No, you didn’t download the wrong album. It is certainly dead prez you’re listening to, not FloRida. Or 2 Chainz. Or like, Weezy or something. This deluxe reissue of Information Age is classic DP content paired with some melodious curiosities. Still, the physical release would have been adequately enhanced with half of the six additional tracks. No shade.
Opening song “A New Beginning” is just that – two years shy of a decade since their last album, it’s not just a chronological new beginning but a sonic one as well. Mid-tempo pop drum kits, ambient synths and sing-songy hooks back messages of freedom and revolution. You think it’s a fluke at first. Or perhaps they’re poking fun at today’s musical climate. But then the song ends sans accompanying skit signifying ‘sike,’ and second track ’“What if the Lights Go Out” begins with an equally pop-ish feel.
You do a quick scan through the remaining songs. You realize dead prez are dead serious. It’s a little jarring, a little strange – but strange in a good way. We think.
Recently added “Intelligence is Sexy” is strategically sequenced mid-album, driving things forward where they may have lagged before. As Gabby Duran of Miami based duo Duran Blu lends vocals on the inspirational “Overstand “ and Bun B spits a righteous verse on the “Time Travel Re-Mix” it’s easy to feel upgraded from last October’s digital release. But “Politrikks” and “Scar Strangled Banner” don’t up the ante, offering much of the same information and sound that was already present.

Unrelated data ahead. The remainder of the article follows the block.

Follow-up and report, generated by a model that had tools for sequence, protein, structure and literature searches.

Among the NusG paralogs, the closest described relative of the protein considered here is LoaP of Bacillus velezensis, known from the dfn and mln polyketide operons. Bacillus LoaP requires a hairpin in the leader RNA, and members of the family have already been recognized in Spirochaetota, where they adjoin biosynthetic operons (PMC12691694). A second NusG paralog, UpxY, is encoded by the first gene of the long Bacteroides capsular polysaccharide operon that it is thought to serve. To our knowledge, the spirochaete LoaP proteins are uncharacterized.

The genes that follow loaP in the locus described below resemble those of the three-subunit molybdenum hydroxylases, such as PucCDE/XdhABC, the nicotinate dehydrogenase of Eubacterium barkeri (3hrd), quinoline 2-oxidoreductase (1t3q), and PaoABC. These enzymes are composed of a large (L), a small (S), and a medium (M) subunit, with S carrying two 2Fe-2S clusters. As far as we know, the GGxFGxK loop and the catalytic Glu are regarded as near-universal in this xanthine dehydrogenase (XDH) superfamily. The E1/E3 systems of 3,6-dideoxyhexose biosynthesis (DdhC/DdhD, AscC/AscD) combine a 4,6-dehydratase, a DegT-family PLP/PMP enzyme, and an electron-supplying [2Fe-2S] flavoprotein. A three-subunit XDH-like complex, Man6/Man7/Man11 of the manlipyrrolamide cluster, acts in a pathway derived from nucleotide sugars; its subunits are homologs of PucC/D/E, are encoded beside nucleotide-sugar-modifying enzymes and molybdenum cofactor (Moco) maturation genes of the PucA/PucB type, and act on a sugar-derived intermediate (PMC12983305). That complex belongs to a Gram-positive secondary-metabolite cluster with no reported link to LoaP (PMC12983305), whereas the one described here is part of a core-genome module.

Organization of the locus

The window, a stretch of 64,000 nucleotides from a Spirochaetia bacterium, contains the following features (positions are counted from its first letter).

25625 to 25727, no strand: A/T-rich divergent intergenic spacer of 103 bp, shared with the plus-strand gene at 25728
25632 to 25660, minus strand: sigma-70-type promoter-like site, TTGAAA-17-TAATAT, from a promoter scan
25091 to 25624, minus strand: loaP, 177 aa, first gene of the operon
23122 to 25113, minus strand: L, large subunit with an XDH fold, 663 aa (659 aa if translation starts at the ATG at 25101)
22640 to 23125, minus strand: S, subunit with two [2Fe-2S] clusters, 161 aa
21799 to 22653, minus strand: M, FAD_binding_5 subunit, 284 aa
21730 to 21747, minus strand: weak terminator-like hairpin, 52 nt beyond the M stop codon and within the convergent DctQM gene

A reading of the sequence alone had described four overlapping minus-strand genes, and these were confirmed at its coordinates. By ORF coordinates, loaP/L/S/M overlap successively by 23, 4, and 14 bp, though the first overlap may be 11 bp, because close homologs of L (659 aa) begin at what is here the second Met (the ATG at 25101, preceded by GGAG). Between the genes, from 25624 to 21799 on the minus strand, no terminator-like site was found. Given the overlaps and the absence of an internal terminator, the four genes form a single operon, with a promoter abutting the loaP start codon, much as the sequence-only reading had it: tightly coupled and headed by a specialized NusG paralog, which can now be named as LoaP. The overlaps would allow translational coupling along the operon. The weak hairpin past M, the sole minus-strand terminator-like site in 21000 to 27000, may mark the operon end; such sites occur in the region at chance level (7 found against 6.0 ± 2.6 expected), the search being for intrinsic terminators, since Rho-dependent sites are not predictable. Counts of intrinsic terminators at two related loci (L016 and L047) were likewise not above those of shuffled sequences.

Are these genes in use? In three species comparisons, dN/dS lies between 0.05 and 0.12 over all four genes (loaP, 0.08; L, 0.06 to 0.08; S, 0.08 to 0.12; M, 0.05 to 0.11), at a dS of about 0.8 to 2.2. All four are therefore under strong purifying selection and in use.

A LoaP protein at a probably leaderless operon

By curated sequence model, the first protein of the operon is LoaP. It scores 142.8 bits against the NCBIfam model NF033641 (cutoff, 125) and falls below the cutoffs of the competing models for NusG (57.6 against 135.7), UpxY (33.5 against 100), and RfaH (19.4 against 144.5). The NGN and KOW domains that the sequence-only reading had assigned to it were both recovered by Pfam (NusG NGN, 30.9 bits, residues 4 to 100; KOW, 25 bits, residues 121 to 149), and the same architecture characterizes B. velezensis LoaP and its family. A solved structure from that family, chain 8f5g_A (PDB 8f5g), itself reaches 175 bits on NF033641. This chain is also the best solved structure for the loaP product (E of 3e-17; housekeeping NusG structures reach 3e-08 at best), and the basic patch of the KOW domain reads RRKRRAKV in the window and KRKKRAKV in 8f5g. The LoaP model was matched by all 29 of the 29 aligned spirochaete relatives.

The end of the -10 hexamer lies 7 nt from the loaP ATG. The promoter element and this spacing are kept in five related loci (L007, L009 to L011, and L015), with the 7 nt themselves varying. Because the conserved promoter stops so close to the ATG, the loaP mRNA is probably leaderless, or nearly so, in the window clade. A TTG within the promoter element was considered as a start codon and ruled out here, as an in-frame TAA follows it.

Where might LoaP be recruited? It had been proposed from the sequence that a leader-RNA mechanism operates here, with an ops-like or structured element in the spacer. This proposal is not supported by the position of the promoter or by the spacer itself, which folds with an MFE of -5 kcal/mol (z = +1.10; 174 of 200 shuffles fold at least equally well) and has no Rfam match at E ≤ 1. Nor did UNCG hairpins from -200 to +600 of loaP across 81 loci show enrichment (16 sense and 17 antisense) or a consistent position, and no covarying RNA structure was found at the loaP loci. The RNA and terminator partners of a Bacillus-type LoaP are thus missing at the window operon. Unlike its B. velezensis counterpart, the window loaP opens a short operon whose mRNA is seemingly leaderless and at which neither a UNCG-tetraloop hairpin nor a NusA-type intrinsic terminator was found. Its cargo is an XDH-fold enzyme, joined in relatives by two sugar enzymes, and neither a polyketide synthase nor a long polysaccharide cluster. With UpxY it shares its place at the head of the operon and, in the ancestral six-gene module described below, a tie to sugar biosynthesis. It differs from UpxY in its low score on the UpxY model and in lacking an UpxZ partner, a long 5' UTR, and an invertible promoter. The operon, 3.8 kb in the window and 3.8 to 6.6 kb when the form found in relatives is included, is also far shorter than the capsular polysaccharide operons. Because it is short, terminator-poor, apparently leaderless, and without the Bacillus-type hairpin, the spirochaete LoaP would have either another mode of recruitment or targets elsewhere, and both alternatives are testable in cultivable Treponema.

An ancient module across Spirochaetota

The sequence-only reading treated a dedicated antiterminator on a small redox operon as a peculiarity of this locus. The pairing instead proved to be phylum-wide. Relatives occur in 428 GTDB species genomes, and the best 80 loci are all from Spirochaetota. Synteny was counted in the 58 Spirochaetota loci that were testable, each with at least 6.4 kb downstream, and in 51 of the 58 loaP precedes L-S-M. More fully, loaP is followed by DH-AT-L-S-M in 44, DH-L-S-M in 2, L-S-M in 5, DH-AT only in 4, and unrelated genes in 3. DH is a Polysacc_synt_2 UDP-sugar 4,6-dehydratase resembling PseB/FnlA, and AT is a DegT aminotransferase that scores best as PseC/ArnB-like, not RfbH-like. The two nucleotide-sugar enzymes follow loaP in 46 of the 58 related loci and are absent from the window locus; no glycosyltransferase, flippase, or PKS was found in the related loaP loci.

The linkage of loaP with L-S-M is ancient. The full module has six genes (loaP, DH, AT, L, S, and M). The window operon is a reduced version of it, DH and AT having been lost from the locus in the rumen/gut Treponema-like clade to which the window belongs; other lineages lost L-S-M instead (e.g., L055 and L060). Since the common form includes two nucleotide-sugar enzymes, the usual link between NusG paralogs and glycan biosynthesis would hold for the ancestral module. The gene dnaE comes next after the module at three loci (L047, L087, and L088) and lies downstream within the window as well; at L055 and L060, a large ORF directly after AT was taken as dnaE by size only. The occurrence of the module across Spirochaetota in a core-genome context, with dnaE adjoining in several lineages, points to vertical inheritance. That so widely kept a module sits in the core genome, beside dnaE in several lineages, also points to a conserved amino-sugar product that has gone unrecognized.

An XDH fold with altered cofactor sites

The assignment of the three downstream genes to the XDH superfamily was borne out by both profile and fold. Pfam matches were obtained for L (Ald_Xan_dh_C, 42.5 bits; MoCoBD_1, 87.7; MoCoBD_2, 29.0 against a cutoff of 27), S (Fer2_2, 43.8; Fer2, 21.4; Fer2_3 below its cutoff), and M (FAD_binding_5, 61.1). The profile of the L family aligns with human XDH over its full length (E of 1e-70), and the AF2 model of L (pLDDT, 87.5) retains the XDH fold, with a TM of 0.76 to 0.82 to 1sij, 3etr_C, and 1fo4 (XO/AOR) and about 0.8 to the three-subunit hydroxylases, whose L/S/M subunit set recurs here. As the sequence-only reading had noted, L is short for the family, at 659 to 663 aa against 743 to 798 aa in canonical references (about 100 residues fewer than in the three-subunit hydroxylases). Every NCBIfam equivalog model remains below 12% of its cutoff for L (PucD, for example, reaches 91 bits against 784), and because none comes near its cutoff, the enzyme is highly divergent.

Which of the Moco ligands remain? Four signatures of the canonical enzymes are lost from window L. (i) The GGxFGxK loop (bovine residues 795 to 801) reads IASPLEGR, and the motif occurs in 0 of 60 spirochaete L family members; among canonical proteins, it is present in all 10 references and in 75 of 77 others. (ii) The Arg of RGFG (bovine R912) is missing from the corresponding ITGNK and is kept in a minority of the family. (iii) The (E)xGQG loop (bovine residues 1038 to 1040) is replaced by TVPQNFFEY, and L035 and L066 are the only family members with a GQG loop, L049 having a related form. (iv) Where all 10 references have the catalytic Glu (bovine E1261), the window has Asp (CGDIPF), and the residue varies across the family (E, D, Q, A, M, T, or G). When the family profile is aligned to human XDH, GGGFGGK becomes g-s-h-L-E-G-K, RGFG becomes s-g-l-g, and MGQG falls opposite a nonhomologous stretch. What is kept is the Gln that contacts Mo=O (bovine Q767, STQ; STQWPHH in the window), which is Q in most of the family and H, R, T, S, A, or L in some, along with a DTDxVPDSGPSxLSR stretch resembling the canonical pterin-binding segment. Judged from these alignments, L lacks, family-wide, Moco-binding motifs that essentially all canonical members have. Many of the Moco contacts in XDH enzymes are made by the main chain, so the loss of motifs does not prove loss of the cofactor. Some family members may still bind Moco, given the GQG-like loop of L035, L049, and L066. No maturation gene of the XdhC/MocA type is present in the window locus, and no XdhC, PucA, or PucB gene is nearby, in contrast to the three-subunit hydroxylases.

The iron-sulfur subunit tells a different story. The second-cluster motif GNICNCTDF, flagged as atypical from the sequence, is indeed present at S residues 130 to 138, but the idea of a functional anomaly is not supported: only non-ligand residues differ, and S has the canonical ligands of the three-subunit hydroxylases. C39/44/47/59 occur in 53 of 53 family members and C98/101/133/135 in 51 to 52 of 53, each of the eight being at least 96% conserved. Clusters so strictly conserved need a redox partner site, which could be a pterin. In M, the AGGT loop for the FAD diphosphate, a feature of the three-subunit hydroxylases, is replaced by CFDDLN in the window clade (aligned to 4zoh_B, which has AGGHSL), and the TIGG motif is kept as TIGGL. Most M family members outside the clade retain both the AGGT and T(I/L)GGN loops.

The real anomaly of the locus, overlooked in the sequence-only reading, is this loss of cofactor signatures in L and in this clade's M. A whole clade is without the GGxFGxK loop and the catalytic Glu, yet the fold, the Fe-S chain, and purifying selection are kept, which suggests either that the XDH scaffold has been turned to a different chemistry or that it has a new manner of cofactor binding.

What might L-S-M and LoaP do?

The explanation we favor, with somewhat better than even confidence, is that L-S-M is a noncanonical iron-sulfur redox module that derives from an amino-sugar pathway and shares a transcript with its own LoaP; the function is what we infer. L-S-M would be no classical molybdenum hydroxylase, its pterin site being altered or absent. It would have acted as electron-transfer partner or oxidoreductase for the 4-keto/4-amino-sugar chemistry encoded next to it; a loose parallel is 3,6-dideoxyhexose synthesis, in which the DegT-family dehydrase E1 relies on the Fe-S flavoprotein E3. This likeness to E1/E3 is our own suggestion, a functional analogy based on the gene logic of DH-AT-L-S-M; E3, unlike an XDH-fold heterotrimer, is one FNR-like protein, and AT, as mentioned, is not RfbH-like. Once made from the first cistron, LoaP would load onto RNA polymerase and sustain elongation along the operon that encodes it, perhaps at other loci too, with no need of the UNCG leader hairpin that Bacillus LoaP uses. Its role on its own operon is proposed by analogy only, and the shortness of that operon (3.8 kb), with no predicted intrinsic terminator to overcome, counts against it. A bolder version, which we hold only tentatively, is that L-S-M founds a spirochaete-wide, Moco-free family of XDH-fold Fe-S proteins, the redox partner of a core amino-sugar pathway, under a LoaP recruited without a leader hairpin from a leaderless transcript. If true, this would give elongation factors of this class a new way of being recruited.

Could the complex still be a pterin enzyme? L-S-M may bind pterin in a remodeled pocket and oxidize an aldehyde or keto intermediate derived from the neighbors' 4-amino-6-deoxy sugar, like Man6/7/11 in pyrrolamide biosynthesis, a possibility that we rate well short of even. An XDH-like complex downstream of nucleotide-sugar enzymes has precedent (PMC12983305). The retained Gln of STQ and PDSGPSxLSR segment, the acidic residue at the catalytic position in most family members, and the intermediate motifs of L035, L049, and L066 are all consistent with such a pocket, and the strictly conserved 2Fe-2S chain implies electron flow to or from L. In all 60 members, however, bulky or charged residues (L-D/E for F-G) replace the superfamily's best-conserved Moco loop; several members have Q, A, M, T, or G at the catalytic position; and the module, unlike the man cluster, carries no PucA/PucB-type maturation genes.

Information Age is a great studio production with crisp, well-defined highs and lows. It is mixed and mastered well. Even if the style shift is not your cup of tea, it does sound great and manages to give you the peculiar, never thought of feeling of being “zenned up and zoned out.”
Most importantly, the project sparks an interesting conversation, not just about timely world issues like spiritual awakening, corrupt government, manufactured disease and environmental woes. It evokes commentary on the mindless hooks we’re often reciting, wrapped in catchy dance-pop quasi electro beats and sing-songy hooks. Or addictive 808’s laced with uplifters. Either way, the music serves as a distraction from the shoddy content we’re fed regularly. On the contrary, when Stic and Mutulu are dropping science on politics and religion over these tracks, that’s got to be a win-win right?
Can we look toward a trend of substantial music over club beats? It can’t hurt to have a couple heavily rotated. The jury is still out however, on an entire album’s worth.
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